LTA ramps up effort to get people to take up cycling

Typically, several overhead bridges have grooved slopes or small ramps running beside the steps, but some cyclists have said they are difficult to use. -- ST PHOTO: DESMOND WEE
Typically, several overhead bridges have grooved slopes or small ramps running beside the steps, but some cyclists have said they are difficult to use. -- ST PHOTO: DESMOND WEE
Cyclists can push their bicycles up and down using a new ramp on this overhead bridge near the Aljunied Road park connector network. The LTA will monitor such ramps’ effectiveness and could install them across Singapore. The new design is part of e
Cyclists can push their bicycles up and down using a new ramp on this overhead bridge near the Aljunied Road park connector network. The LTA will monitor such ramps’ effectiveness and could install them across Singapore. The new design is part of efforts here to encourage more people to take up cycling. -- ST PHOTO: DESMOND WEE

Cyclists in Aljunied are testing out a new ramp for pushing bicycles across overhead bridges.

The Land Transport Authority (LTA) has installed the system on one bridge near the area's MRT station and park connector network, and will monitor its effectiveness.

If successful, more of such bicycle-wheeling ramps could be installed across Singapore, it said.

Typically, several overhead bridges in Singapore have grooved slopes or small ramps running beside the steps. But some cyclists complain that these are sometimes difficult to use as they are narrow, and the bridges' railings can get in the way of the bicycles' handlebars.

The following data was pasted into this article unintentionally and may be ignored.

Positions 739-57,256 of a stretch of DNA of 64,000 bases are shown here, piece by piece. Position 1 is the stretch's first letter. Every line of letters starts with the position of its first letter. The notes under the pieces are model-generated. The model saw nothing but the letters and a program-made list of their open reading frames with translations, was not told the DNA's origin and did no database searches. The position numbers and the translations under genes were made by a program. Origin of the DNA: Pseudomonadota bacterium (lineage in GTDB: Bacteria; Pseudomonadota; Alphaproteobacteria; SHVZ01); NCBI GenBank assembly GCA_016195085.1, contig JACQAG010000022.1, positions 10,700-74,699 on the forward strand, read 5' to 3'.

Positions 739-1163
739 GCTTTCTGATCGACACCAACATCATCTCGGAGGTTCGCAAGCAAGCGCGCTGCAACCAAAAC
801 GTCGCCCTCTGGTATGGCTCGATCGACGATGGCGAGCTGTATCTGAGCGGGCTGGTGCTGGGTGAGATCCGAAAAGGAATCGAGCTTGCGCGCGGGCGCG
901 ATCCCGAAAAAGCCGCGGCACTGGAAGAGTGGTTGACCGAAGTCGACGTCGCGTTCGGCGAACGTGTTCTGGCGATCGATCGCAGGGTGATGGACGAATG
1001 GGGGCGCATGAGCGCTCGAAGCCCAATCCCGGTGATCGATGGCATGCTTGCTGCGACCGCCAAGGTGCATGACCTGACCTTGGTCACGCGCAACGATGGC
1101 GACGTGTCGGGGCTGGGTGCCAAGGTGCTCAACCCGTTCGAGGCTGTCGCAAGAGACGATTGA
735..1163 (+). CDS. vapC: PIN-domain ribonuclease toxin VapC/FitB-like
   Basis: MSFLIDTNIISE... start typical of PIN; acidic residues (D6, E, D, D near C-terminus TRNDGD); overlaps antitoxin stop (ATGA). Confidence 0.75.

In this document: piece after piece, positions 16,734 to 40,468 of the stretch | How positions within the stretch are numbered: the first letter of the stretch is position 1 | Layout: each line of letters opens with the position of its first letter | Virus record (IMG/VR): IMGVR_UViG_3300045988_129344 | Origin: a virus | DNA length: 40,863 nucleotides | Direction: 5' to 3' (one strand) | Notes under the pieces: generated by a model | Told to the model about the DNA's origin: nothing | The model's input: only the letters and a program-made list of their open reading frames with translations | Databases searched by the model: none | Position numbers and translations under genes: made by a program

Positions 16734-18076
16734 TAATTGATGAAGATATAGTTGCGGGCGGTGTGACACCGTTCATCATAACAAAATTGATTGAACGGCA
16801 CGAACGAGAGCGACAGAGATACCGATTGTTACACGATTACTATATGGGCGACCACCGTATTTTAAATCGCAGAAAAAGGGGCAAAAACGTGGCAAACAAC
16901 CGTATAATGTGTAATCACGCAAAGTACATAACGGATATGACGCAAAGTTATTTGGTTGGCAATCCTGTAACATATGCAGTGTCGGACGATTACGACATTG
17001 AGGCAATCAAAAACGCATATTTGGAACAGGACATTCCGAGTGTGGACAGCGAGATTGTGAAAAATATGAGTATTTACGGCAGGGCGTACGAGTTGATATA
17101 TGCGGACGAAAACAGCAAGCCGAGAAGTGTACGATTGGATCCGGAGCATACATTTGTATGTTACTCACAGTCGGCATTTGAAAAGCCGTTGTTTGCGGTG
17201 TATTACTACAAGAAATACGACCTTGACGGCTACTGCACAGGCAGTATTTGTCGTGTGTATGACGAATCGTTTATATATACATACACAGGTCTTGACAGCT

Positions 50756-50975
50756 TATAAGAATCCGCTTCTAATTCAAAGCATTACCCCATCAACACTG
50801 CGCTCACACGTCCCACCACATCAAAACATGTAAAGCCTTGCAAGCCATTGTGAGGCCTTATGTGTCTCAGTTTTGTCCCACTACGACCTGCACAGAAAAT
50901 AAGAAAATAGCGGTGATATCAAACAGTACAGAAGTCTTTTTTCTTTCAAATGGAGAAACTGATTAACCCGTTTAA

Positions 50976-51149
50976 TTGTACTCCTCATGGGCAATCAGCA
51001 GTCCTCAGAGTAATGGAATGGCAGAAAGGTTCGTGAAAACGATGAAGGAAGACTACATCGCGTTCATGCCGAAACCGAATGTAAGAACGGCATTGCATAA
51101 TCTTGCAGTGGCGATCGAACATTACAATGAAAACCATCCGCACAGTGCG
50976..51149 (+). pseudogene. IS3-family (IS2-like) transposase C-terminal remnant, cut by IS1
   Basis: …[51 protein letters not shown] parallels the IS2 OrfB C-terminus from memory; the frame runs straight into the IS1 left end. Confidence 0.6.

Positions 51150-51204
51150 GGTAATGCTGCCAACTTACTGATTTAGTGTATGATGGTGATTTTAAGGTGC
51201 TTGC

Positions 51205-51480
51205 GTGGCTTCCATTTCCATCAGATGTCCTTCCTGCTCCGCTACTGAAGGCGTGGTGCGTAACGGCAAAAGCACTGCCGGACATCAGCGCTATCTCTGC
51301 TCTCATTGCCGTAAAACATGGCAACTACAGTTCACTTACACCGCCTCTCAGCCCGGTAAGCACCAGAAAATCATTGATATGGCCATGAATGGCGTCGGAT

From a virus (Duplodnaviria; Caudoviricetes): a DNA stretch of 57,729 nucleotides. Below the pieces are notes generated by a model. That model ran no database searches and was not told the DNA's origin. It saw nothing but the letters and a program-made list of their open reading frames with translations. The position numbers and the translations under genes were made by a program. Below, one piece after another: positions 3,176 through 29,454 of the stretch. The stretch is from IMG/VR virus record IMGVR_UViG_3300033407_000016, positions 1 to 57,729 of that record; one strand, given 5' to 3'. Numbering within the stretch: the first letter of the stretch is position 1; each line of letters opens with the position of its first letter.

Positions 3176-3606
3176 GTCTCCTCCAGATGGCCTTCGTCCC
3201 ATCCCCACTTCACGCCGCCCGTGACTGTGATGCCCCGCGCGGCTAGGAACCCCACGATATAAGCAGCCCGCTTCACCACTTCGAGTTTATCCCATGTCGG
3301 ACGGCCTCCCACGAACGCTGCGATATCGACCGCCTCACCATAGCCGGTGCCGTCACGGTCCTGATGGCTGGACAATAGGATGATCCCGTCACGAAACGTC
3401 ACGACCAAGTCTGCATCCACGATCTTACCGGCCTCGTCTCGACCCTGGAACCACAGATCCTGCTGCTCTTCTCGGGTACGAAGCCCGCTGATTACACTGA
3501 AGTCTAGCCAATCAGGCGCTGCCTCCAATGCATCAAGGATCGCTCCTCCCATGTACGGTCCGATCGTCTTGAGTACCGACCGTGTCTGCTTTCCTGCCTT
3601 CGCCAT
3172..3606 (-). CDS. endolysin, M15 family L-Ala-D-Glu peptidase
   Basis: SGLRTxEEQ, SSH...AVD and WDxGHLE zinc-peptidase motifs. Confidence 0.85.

Parliamentary Secretary for Transport Muhammad Faishal Ibrahim said in a Facebook post yesterday that he hoped the new design will make it more convenient for cyclists.

Mr Francis Chu, co-founder of cycling group LoveCyclingSG, said several bridges along the park connector route from Bishan to Kallang could benefit from the new ramp.

These bridges were meant for pedestrians and do not have ramps, he said.

"Ordinary cyclists usually have less expensive, heavier bicycles that may be difficult to carry up the bridges, especially for some women, children and the elderly," said the 53-year-old.

He added that the ramp could also be installed in overhead bridges located away from traffic light crossings.

The new design is part of efforts here to encourage more people to take up cycling.

Two networks of cycling paths were completed in Tampines and Sembawang earlier this year, with more set to be rolled out in Marina Bay, Yishun, Pasir Ris, Taman Jurong and Changi Simei by 2015.

By 2020, cyclists can expect around 190km of paths for them.

FENG ZENGKUN